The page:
• My boyfriend took my sons' xbox away last night because he wouldn't do his homework. I tried to be supportive of him taking it away but at the same time, I felt bad for my son and was telling him how I felt about it and why he was maybe doing the things he was doing. He didn't just take it away because my son didn't do his homework, he also took it away because he got an attitude with me and was talking down to me. How long do you take things away from your kid? I think a day is long enough but my boyfriend thinks it should be longer than that.
    Anonymous

    Comment by Anonymous (original poster) at 1:59 PM on Dec. 17, 2013

  • Yes I take things they like away from them until they comply, If it takes too long I take another item.
    Janelle A.

    Answer by Janelle A. at 2:01 PM on Dec. 17, 2013

  • I agree (with above comment) that discipline is guidance. There also is the concept of discipline being internal (as in, a person has self-discipline.) I believe that the more you take responsibility for things the child owns, the less likely this (self-discipline) is to develop. You recognize this when YOUR role ("riding" the child, following up on every last thing, essentially taking responsibility FOR the child's work) goes on or becomes MORE active through the years, instead of receding as the child takes ownership.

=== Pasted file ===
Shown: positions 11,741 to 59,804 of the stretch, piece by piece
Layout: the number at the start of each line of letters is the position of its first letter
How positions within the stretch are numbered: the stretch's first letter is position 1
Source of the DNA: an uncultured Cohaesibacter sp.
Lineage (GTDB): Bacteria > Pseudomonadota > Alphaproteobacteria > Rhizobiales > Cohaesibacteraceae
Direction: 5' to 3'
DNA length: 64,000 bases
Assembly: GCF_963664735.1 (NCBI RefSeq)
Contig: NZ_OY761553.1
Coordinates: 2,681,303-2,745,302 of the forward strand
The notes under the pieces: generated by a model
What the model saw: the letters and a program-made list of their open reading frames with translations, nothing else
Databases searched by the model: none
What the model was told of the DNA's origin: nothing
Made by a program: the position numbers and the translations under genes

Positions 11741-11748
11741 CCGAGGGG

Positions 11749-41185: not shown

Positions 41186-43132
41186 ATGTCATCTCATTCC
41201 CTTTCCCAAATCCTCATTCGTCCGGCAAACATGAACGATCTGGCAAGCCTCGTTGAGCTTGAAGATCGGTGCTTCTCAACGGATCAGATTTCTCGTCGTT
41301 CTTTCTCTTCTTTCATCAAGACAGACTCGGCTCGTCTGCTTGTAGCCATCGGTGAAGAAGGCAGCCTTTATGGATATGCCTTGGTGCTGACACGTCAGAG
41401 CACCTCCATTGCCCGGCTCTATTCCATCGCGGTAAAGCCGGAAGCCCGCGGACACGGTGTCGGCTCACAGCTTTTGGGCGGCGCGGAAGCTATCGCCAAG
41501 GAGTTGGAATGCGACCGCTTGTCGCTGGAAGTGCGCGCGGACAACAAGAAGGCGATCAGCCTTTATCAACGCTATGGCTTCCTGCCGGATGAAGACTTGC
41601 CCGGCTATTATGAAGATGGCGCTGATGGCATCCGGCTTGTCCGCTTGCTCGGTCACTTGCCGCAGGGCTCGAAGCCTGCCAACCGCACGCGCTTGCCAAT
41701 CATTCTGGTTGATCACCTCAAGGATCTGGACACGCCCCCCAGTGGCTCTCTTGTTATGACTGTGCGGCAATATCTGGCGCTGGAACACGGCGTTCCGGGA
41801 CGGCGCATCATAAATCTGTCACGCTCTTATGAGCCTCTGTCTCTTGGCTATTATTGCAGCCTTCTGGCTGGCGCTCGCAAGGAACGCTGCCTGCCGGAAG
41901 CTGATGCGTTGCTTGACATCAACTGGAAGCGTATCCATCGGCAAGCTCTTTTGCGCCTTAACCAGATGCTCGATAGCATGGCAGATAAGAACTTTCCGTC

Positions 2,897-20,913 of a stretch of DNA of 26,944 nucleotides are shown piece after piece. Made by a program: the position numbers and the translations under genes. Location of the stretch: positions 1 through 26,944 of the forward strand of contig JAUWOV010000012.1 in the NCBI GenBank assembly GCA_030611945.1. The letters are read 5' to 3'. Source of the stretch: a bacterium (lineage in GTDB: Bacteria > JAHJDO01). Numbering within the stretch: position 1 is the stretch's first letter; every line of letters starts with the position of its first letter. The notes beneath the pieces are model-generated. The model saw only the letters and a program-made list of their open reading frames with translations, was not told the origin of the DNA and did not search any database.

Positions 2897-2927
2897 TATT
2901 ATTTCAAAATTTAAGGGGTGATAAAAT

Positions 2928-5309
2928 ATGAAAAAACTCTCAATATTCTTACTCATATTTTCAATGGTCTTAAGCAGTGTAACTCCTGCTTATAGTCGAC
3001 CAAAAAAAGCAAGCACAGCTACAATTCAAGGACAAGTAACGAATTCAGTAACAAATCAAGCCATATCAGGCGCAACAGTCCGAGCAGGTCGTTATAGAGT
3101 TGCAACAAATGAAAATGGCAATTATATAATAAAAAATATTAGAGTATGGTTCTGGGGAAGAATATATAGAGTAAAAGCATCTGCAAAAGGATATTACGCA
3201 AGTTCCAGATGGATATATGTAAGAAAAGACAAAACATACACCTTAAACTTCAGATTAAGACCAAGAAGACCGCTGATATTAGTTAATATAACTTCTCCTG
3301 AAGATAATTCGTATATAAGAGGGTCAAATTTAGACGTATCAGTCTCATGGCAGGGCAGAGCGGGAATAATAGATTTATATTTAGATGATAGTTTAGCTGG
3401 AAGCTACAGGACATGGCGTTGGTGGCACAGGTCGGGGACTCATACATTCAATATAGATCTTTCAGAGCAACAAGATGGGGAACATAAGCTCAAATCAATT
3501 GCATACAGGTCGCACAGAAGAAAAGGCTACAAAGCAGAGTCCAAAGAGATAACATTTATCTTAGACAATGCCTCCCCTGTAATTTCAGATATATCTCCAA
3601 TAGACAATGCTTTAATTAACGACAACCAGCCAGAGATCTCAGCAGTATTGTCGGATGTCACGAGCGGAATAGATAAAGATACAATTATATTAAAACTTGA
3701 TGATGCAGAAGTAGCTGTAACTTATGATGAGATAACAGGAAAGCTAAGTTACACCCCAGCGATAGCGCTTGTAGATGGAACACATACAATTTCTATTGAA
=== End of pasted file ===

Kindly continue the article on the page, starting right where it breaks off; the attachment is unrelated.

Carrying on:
So, if you meant discipline as synonymous with punishment, then No I do not "discipline" my child for not doing homework! Homework is between my child & her teacher. I do give feedback/share expectations & I'm available to assist. But from the beginning I've tried to address situations in ways that cultivate intrinsic motivation. Force & control (punishment, leverage) don't!
    girlwithC

    Answer by girlwithC at 2:10 PM on Dec. 17, 2013